Stunningly, Panzram netted enough money from the Taft haul to purchase the Akiska, a private yacht. He used the boat to lure sailors on leave in New York City to party with him on the water, whereupon he'd attack, rape and kill them, then dump their bodies over the side.
The high seas murder spree ceased after the Akiska crashed and sank. Panzer then hopped a ship to Africa, where he said he raped, killed and bashed the skull in of a young boy. He also claimed to have chartered a boat with six crewmen who he shot and fed in pieces to crocodiles.
Upon returning to the United States, Panzram said he raped and slaughtered a succession of four little boys along the east coast and randomly murdered residents of homes he burglarized.
Mass murder appealed to Panzram even more, especially on the most mammoth scales.
Panzram boasted of intricately planning to blow up a popular train trestle, poison the water supply of upstate New York and sink a British battleship to start war between England and the United States.
In 1928, Panzram got caught breaking into a train station. He blurted out about killing two young boys and landed a 25-year stretch at Leavenworth. Upon meeting the warden, Panzram said, "I'll kill the first man who bothers me."
That nuisance apparently turned out to be the head of the prison laundry. Panzram beat him to death with an iron bar. A court subsequently upped Panzram’s sentence to a date with the hangman. Alas, when human rights groups attempted to get Panzram off Death Row, he told them:
"The only thanks you and your kind will ever get from me for your efforts on my behalf is that I wish you all had one neck and that I had my hands on it.... I have no desire whatever to reform myself. My only desire is to reform people who try to reform me, and I believe that the only way to reform people is to kill 'em!"
He further refused any attempts to appeal or lessen his punishments.
John Lesser, a 26-year-old prison guard, proved to be the first person to ever show any kindness to Panzram that the killer could accept. The two men grew friendly, and Lesser encouraged Panzram to write down his life story, regularly slipping pencils and papers into the prisoner's cell.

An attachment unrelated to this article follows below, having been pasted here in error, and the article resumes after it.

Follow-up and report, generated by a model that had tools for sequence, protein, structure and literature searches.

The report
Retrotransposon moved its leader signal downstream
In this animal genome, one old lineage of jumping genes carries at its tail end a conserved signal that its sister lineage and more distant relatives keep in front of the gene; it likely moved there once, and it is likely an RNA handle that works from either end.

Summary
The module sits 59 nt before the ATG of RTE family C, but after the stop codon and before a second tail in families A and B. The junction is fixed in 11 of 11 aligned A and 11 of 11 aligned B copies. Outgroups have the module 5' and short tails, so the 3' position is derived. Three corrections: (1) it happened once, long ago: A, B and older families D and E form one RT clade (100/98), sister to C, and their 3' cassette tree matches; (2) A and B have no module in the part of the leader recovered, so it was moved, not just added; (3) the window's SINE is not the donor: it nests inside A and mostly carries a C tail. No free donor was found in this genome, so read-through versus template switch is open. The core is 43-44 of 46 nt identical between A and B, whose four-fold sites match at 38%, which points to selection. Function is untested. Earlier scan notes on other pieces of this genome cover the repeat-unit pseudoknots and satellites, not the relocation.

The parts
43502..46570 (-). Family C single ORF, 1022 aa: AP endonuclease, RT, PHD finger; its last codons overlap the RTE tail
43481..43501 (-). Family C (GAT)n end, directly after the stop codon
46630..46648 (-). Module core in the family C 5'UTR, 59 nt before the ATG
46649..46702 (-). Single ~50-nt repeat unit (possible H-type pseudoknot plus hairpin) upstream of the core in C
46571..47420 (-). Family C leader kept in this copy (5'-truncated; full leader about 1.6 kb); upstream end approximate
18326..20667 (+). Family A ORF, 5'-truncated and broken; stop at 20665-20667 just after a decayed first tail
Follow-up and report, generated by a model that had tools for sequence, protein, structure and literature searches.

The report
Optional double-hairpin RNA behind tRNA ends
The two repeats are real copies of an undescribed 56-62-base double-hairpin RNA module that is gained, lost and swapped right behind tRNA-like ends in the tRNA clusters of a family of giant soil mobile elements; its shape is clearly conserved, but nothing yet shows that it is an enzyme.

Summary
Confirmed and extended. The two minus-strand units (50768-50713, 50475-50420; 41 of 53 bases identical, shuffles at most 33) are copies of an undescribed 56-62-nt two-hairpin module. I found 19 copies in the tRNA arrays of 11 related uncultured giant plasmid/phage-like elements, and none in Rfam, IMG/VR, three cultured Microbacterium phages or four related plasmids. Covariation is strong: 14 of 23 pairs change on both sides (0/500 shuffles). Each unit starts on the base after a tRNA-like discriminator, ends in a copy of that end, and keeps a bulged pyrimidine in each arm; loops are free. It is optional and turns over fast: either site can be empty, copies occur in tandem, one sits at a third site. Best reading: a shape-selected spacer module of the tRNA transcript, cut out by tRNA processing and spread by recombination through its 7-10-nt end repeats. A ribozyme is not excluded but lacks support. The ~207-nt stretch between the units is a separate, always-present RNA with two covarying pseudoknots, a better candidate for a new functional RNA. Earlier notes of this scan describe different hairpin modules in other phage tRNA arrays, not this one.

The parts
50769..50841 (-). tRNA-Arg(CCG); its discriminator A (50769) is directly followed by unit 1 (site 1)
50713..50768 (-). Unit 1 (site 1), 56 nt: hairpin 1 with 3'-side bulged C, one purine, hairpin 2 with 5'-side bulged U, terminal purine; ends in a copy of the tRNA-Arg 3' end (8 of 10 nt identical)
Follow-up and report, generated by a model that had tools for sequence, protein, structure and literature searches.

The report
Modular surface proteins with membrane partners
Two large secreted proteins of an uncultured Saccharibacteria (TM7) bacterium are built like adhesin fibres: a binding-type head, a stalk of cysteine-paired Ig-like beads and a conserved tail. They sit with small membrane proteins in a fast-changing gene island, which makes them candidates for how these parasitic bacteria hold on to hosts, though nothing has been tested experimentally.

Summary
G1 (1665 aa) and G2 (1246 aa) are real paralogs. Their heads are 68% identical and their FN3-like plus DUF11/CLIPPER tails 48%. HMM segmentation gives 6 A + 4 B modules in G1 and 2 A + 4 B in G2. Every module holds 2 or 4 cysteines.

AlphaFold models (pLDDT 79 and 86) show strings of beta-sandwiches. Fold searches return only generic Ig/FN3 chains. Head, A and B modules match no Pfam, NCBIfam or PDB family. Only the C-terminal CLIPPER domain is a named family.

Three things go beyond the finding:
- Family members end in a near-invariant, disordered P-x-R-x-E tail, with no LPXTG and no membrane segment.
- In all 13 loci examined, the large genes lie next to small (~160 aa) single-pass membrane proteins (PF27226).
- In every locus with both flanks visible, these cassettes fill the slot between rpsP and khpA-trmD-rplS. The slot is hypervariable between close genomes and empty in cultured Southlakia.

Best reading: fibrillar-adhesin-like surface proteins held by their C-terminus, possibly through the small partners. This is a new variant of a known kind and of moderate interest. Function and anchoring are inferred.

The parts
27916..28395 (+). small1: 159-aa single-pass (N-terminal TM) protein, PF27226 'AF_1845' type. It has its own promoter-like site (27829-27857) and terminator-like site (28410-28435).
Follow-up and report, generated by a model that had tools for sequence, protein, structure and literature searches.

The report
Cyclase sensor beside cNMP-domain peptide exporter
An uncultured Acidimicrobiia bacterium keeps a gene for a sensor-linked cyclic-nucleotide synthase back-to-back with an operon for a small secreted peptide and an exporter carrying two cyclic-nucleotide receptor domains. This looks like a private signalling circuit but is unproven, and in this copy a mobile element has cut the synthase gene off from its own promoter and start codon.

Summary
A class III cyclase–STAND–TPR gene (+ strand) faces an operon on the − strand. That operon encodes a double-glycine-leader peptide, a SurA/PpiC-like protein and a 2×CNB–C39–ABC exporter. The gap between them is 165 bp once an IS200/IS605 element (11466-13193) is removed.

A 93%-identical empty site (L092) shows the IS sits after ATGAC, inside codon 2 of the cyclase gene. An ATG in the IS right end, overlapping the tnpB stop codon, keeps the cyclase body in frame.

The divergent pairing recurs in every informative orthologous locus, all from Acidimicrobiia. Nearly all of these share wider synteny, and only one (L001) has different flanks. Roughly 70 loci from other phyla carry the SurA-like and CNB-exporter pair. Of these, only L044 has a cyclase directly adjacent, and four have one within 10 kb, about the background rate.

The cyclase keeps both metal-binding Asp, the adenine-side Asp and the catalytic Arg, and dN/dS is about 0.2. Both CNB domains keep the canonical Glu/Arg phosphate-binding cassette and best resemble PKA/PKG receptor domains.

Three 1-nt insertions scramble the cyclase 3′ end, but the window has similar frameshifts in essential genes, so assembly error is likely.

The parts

Lesser kept Panzram's writings, which feature stark, terrifying prose and declarations that, while not verifiable, still chill upon reading them. Among Panzram's more frightening passages:
• "In my lifetime I have murdered 21 human beings, I have committed thousands of burglaries, robberies, larcenies, arsons, and last but not least I have committed sodomy on more than 1,000 male human beings. For all these things I am not in the least bit sorry."
• "I have broken every law that was ever made by both man and God. If either had made any more, I should very cheerfully have broken them also."
• "You will find that I have consistently followed one idea through all my life: I preyed upon the weak, the harmless and the unsuspecting."
After four decades of no publisher wanting to touch Panzram’s memoir, a collected book finally reached the public in 1970 as Killer: A Journal of Murder. It has subsequently been reissued as Panzram: A Journal of Murder.
In 1996, a movie version of Killer came out starring James Woods as Panzram, and Robert Sean Leonard as Lesser.
Jack Henry Abbott, a murderer turned jailhouse author championed by Norman Mailer, dedicated his (semi-literal) breakout book In the Belly of the Beast to Carl Panzram.
After Mailer successfully campaigned to get his protegé released from prison, Abbott stabbed a New York City waiter to death during an argument about using a restroom. Perhaps Abbott was paying some manner of grotesque, tragic tribute to his despicable notion of a "hero."